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Asthma

more about Asthma

  • Asthma is an allergic disease of the lungs.  Patients with asthma typically have minimal daily problems, but exposure to certain "triggers" can increase the effort required to breathe.  These episodes of increased breathing problems are called "exacerbations."
  • The lungs are made up of progressively smaller airway branches.  Bronchi (airway passages) branch into smaller-diameter passages, called bronchioles.  These in turn branch into even smaller bronchioles.  Oxygen from the air is transported to the blood through the small, thin terminal sacs (alveoli) at the end of the smallest final branches of the airways.
  • Waste products (carbon dioxide) from the blood are also transported outside the body via the alveoli. 
  • Asthma is the result of narrowing, inflammation or mucus plugging of the bronchioles and bronchi.
  • Small muscle bundles, surrounding the bronchioles, can constrict, further narrowing the bronchioles.  When deprived of circulating air, the alveoli can collapse (atelectasis), but this is secondary to the plugging of the bronchioles.
  • If enough airway passges are narrowed or plugged, the asthmatic feels short of breath and cannot move air in and out fast enough to meet the needs of the body. 
  • Many agents (see below) may trigger asthma.  The mechanism of how this specifically occurs is still not clearly understood.  Multiple factors are known to contribute.
  • Agents that treat/improve asthma usually affect a single factor that is interfering with the patency of the bronchioles.  For example:
    1. Beta agonists affect beta receptors on the bronchi and bronchioles, causing the air passages to open.
    2. Corticosteroids decrease inflammation around the air passages.
    3. Anti-leukotrienes prevent local hormones from causing inflammation.

  • Shortness of breath
  • Wheezing
  • Cough
  • Chest tightness
  • Heart racing
  • Rapid breathing
  • Sweating
  • Bluish skin color (cyanosis)
  • Retractions ("pulling in" of the tissues between the ribs with each breath)
  • Nasal flaring (extra-wide opening of the nose with inspiration)
  • Abdominal breathing (excessive movement of the abdomen with breathing)

  • Allergy induced (pollens, dust, mites, molds, cigarette smoke, etc.)
  • Exercise-induced
  • Bronchitis
  • Gastroesophageal reflux
  • Congestive heart failure (fluid backs up into lungs)
  • Stress
  • Cold air
  • Odors
  • Post-nasal drip
  • Sinus infections
  • Weather changes
  • Beta-blocker medications (e.g., Propranolol)
  • Aspirin
  • Nasal polyps & aspirin together
  • Nonsteroidal anti-inflammatories (e.g., Ibuprofen)
  • Aerolized Pentamadine
  • Other medications
  • Sulfites (additive to food and wine)
  • Children who develop Bronchiolitis are predisposed to later onset of asthma.

  • Examination may show:
    1. Wheezing in lungs
    2. Prolonged time to exhale air
    3. Poor air movement in lungs
    4. Flow meter shows decreased peak airway flow
  • Pulmonary function testing:
    1. Limited airflow especially on exhaling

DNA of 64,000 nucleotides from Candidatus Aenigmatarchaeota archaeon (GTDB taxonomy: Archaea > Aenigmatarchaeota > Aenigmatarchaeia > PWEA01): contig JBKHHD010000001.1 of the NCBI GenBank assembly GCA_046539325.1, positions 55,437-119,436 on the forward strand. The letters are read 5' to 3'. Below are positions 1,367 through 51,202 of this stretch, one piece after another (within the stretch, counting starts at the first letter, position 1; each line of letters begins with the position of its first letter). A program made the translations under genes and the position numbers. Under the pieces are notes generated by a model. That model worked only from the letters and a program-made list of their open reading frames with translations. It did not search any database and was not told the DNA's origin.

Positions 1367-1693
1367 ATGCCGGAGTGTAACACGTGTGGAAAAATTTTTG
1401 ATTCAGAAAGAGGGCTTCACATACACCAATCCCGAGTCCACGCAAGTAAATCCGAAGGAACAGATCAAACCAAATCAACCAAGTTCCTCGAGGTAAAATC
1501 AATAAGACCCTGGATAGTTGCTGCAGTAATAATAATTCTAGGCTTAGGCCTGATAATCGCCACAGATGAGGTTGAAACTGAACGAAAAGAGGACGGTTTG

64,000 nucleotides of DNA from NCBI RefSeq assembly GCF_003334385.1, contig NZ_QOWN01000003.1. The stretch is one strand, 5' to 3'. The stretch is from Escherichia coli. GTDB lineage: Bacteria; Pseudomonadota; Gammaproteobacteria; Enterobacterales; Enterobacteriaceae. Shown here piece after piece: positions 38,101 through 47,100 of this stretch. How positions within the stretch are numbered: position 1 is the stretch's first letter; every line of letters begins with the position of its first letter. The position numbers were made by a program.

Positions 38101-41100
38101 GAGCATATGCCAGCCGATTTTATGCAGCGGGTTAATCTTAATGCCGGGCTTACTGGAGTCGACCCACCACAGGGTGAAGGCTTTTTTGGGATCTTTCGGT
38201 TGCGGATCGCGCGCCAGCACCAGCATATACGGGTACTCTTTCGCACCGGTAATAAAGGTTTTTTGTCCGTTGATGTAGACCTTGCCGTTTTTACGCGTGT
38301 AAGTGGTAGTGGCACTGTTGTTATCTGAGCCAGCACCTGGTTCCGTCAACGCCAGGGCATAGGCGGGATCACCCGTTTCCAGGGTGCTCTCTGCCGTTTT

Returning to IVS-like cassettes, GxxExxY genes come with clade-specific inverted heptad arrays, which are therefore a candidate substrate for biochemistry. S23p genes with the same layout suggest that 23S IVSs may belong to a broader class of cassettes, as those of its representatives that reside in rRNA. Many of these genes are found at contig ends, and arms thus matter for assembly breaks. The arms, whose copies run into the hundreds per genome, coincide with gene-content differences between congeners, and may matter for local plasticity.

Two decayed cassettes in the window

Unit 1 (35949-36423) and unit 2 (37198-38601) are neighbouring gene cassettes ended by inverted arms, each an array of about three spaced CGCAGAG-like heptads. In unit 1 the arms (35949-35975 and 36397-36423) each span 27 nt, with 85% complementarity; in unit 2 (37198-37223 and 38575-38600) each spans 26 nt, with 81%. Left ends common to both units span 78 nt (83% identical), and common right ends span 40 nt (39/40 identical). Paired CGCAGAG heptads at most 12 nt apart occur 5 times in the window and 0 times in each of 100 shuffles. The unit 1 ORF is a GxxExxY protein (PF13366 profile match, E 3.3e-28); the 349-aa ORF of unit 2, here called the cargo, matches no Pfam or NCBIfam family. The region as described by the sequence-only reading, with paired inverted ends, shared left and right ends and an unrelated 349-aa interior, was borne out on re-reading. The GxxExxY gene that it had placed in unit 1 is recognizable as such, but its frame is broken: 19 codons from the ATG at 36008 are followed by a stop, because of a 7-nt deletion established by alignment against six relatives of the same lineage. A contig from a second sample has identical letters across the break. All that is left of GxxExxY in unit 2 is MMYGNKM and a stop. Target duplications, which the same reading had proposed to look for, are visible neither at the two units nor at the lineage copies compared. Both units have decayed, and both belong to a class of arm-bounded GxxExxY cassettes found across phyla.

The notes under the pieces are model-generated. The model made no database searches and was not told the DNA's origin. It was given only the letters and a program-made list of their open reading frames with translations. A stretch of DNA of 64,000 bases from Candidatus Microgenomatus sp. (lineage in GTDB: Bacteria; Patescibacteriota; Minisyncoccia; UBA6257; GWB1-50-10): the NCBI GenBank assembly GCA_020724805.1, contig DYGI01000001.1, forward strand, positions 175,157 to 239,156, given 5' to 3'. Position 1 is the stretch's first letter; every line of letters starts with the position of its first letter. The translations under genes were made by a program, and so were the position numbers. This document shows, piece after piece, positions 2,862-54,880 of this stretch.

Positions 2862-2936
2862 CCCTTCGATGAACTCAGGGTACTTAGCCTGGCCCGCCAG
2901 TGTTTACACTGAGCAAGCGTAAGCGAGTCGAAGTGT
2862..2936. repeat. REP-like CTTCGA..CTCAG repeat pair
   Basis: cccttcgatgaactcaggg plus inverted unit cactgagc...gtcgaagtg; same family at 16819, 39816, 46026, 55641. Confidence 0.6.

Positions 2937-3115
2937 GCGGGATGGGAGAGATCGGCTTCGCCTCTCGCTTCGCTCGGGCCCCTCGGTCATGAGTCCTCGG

2. Worse airflow when given Methacholine
    3. Improved airflow with medications to open up alveoli
  • Laboratory findings (possible occurrences)
    1. Increased eosinophil count
    2. Abnormal arterial blood gas
  • Chest X-ray usually normal
  • Diagnosis of asthma is usually made when a child has at least two episodes with the above symptoms, which stop after treatment with Albuterol.
  • Specialized breathing studies can be done to confirm the diagnosis, but most children are unable to cooperate with the testing procedures.

  • There is no "cure" for asthma, although most children either outgrow the disease or find that the symptoms decrease as they get older.
  • Treatment takes several routes: avoidance of "triggers" that cause the disease to worsen from time to time, use of "rescue" medications when a child has acute respiratory problems, and use of "preventative" medications to control the disease and prevent exacerbations.
  • Although specialized ("HEPA") filters are popular, there is no evidence that their use improves symptoms in children with asthma.
  • Acute attack:
    1. Short-acting beta agonist inhalers, e.g., Albuterol (Proventil, Ventolin)
    2. Corticosteroids, e.g., Prednisone
    3. Anticholinergics, e.g., Atrovent
    4. Aminophylline
    5. Oxygen if necessary
    6. Terbutaline
    7. Epinephrine
    8. Isoproterenol (now rarely used)
  • Chronic (preventive) treatment:
    1. Corticosteroid inhalers (e.g., Flovent)
    2. Cromolyn sodium inhaler
    3. Nedocromil sodium (Tilade) inhaler
    4. Antileukotrienes, e.g., singular
    5. Serevent
    6. Theophylline

  • Prevention of exposure to triggers is key to the long-term control of asthma; the medications above are all helpful, but the best way to control asthma is to prevent the exacerbations in the first place.
  • All children have different triggers, but some common ones include
    1. Aspirin
    2. Dust mites, cockroaches, and other household pests
    3. Pet dander
    4. Viral infections
    5. Stuffed animals
    6. Down bedding products
  • Treatment of underlying causes such as infections, GE reflux, congestive heart failure, etc.
  • Sinus infections, allergies, and GE reflux commonly interfere with the treatment of asthma. Treat these in order to treat the asthma properly.

  • Chronic (preventive) asthma medications usually do not help during an asthma attack.  Do not use them for this!  Contact your physician or get immediate emergency medical care.
  • Asthma can lead to death.  Seek emergency medical help/advise quickly.

  • Pneumonia
  • Bronchiolititis
  • Chlamydia infection
  • Laryngotracheo bronchitis
  • Foreign body aspiration
  • Bronchiolitis obliterans
  • Gastoesophageal reflux




more about Asthma


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